Grant
Agency: NSF | Branch: Standard Grant | Program: | Phase: SMALL BUSINESS PHASE II | Award Amount: 891.66K | Year: 2014

The broader impact/commercial potential of this Small Business Innovation Research (SBIR) Phase II project is in removing sulfur compounds from various fuels such as diesel, gasoline and mixture of refined fuels known as transmix. It is critically important to reduce sulfur levels below 10 ppm as the emissions from transportation vehicles can cause acid rain and associated undesired effects. Sulfur removal from fuels is even more critical for implementation of fuel cell technologies due to fuel reformer catalyst poisoning at sulfur levels as low as 1 ppm or below. Finally, there is a need for sulfur-tolerant catalysts and sulfur removal processes in value added chemical production using bio-derived and fossil derived fuels. The global market for hydro-desulfurization catalysts in the transportation fuel segment is estimated at over $1B and growing fast. The companys proposed catalyst could address a market size of $150-200M/yr or more. It may find additional applications in commercial markets in ultra-low sulfur diesel, fuel reformer technology and sulfur tolerant catalysts. The development of a scalable manufacturing method for advanced materials undertaken in this project will contribute to U.S. competitiveness and strengthen Cleantech and energy sectors in the state of KY.



This project addresses the development of high performance catalysts needed for the removal of sulfur from hydrocarbon fuels. However, sulfur removal at concentrations below 50 ppm is difficult due to the presence of hetero-cyclic thiophenic species. During Phase I, the company developed a catalyst product and demonstrated its performance in terms of ultra-deep hydrodesulfurization activity, reducing sulfur levels from 200 ppm to much lower than 1 ppm in a variety of fuels. Phase II studies will allow optimization of the catalysts for hydrodesulfurization activity and mechanical properties. Catalysts with bi-functional activity toward aromatics hydrogenation and hydrodesulfurization will reduce several process steps, thereby reducing the costs involved in hydroprocessing of fuels. Phase II studies will enable development of a process for scalable production of nanowires. The fundamental insight from the performance can be extended toward designing various high performance catalysts using nanowire supports. Some beneficial effects using nanowire supports include unique active metal/support interactions; single crystal surfaces for uniform morphologies for active metals and their alloys and management of active sites. Specifically, in the case of hydrodesulfurization, nanowire supports provided an easier diffusion pathway for sulfur transfer to maintain active metal sites for desulfurization activity.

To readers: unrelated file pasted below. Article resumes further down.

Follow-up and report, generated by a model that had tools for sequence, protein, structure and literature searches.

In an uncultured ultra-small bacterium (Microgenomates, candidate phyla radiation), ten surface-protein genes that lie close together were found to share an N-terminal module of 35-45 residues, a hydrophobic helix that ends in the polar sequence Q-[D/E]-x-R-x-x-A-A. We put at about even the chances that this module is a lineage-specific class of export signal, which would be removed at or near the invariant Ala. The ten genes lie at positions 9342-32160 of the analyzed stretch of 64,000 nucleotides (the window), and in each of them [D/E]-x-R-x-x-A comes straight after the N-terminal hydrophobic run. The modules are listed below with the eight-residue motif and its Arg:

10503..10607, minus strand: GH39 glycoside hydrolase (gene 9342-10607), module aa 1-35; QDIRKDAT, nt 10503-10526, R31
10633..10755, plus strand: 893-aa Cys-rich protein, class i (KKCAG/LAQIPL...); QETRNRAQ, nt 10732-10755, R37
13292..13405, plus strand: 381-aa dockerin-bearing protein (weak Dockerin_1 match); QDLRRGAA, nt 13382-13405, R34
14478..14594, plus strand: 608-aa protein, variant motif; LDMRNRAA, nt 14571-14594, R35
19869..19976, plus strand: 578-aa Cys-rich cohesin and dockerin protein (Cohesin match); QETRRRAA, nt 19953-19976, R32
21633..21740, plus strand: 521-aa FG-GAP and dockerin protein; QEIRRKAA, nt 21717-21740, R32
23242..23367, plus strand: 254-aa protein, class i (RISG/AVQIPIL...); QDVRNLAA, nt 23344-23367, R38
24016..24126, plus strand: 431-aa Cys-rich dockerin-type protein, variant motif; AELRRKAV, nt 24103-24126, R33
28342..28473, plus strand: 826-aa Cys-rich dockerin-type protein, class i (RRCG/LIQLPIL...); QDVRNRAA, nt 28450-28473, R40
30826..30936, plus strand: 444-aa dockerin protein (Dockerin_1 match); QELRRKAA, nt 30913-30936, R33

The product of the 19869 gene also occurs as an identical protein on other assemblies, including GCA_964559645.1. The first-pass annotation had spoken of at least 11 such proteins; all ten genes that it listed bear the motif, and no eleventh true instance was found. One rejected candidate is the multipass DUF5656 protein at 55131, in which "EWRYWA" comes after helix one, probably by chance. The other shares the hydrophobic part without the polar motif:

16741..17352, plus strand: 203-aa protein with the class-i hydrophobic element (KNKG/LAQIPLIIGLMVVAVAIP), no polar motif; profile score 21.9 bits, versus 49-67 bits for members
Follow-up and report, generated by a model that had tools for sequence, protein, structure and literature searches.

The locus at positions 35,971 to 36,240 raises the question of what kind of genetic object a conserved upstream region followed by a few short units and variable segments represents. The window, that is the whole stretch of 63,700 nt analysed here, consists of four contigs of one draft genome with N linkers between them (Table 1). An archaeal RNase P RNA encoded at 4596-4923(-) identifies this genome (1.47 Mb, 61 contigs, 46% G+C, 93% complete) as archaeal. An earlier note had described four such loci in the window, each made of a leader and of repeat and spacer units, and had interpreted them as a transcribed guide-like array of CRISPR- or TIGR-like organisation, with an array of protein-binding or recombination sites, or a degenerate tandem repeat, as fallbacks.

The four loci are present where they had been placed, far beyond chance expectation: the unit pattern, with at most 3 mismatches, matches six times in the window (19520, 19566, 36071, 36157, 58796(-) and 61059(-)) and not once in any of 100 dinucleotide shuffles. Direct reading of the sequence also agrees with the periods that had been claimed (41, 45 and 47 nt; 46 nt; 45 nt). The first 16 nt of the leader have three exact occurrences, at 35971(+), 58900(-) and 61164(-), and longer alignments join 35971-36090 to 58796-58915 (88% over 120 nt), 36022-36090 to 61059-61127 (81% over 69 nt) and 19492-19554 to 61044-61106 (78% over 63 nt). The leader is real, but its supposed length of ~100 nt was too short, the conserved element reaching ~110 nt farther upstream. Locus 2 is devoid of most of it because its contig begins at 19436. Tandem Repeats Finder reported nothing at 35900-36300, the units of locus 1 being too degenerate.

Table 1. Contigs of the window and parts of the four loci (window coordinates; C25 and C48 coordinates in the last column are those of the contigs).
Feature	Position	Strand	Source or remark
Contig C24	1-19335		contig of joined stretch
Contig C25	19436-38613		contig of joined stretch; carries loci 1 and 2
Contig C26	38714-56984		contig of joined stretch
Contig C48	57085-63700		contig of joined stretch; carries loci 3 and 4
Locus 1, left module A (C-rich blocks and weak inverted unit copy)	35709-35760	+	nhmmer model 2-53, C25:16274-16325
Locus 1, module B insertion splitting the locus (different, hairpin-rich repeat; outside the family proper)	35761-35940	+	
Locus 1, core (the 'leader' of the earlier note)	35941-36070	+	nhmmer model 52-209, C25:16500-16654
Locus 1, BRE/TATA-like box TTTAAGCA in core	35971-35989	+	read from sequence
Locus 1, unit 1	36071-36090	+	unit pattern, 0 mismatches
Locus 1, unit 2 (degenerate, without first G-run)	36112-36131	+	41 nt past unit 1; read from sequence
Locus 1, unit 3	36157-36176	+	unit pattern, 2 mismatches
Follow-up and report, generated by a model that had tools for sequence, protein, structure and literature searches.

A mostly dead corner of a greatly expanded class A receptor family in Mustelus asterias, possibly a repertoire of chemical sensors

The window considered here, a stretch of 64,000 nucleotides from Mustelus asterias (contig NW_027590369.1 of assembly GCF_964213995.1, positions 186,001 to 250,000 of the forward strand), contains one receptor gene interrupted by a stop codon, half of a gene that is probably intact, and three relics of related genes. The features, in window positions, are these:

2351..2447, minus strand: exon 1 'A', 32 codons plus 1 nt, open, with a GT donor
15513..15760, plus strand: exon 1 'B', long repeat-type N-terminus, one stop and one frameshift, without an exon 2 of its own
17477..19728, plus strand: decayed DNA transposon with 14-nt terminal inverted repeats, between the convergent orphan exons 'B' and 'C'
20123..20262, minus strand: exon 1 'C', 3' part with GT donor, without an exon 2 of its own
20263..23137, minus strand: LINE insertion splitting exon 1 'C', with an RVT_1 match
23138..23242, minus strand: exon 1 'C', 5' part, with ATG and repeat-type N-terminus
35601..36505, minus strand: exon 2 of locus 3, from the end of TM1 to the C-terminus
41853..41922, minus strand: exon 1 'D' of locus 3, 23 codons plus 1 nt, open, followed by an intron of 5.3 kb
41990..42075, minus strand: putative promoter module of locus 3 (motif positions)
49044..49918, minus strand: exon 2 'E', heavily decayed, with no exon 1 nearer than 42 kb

Grant
Agency: NSF | Branch: Standard Grant | Program: | Phase: | Award Amount: 180.00K | Year: 2013

This Small Business Innovation Research (SBIR) Phase I project proposes to demonstrate the feasibility of a new type of advanced hydrodesulfurization (HDS) catalyst for deep desulfurization purposes. Specifically, metal nanoparticles supported on zinc oxide nanowires are proposed for creating higher performance, reactive adsorbent type HDS catalysts. HDS is a process used for the removal of sulfur from hydrocarbon fuels. In this process, fuels are treated with hydrogen gas in the presence of a catalyst. The environmental regulations are continuously pushing down the sulfur levels allowed in transportation fuels and will continue to lower the limits much below 10 ppm in future. Also, low sulfur concentrations are desirable for various fuel cell and refinery technologies where presence of small amounts of sulfur can poison the catalysts. The current, traditional HDS catalysts are efficient in removing the sulfur to levels down to around 20 ppm and leaves behind difficult-to-remove thiophenic sulfur compounds. In this project, an advanced catalyst and a scalable and cost-effective manufacturing is proposed that can accomplish deep desulfurization for lowering sulfur levels down well below 5 ppm.

The broader/ commercial potential of this project will be improved air quality and energy/cost savings for the nation from improved durability of fuel cell and several refining technologies. The projects other outcome will also include new manufacturing technologies for advanced catalyst materials which is crucial for both the nation and the state of Kentucky to be globally competitive in terms of energy technologies. The catalyst materials using ZnO nanowire supports will also find applications beyond deep hydro-desulfurization such as C1-C4 alcohol production using syngas, and steam reforming of methanol. The market size for the proposed catalysts is estimated to exceed $1B considering the number of application areas.